Elfman’s vocabulary is hugely original, something I say again recalling that he hasn’t yet won an Oscar even though he’s been imitated.

I’m thinking about Elfman’s use of chorus in so many films, while appreciating the performance by Toronto’s Orpheus Choir today.  The choral sounds, sometimes wordless (singing “loo loo loo”?), sometimes unintelligible text, put me in mind of earlier Symbolist uses of chorus.  I think it begins with Debussy’s wordless chorus in Sirènes (1898), where the voices suggest not just the Sirens who threatened ships, but Nature itself (and listening to this I’m inclined to say “Herself”).  Ravel jumps in with Daphnis et Chloe, the voices suggestive but ambiguous.  Philip Glass did this too with his ensemble, in the last quarter of the 20th century.  Elfman then picks up the thread.

Whether or not you get the chorus, Elfman also has chorale-like sounds from his orchestras, at times solemn, verging on something between religion and spirituality.  The scenes in the last half-hour of Batman in that old church are a chilling suggestion of I’m not sure what, but it’s certainly not the old-fashioned religion or any kind of piety.  Those chords that we hear there, or in the latter part of Beetlejuice when a kind of ritual is enacted bringing back the dead, are now standard equipment for the invocation of a certain solemnity, and by that I mean that many other composers imitate this kind of music.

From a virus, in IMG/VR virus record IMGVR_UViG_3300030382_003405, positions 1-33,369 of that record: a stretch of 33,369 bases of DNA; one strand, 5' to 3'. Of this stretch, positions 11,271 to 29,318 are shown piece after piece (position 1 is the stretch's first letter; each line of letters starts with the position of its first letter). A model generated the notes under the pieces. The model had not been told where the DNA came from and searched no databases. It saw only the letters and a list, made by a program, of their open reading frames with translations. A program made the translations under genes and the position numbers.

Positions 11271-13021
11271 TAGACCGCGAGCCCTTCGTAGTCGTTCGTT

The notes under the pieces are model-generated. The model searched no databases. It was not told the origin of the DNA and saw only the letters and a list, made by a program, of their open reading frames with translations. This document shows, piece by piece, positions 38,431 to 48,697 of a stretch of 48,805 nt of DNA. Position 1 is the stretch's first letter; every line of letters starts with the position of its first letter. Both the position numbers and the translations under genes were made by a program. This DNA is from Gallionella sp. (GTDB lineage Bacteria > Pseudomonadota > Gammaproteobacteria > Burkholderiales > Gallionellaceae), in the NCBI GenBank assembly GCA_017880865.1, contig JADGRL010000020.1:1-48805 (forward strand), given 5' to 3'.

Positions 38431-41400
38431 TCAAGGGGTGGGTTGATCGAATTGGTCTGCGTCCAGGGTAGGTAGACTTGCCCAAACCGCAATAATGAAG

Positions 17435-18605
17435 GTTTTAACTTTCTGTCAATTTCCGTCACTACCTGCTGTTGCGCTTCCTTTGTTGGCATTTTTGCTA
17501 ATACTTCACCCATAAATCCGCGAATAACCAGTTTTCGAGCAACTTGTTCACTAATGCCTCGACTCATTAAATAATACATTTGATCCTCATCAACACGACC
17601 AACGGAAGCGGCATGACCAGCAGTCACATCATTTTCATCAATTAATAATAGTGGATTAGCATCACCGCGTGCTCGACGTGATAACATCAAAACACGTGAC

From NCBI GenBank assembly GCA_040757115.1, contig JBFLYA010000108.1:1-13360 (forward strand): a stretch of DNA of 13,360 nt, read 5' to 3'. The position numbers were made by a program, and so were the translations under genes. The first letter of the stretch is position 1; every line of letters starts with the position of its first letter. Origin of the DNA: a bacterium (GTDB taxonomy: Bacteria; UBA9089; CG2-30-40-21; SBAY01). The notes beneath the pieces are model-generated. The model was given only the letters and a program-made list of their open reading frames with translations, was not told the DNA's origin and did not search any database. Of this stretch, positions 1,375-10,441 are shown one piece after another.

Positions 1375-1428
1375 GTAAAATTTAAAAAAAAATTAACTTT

I have to wonder, after seeing the audience burst into spontaneous applause at the slide announcing Tim Burton’s The Nightmare Before Christmas, when is someone going to adapt this material as a musical? and when you look at the poster above –for the concert in Los Angeles this weekend–clearly these songs are well-loved.  The cast includes Catherine O’Hara, but she’s there, not here.  Yes Elfman displayed his melodic gift all night, but when we came to this one, there was such a richness on offer, that some songs were left out, or barely heard. Yes someone has to figure out how to present the visuals of the animated film.  With actors? With puppets?  I wish someone would finally do it.

This entry was posted in Cinema, Music and musicology, Reviews. Bookmark the permalink.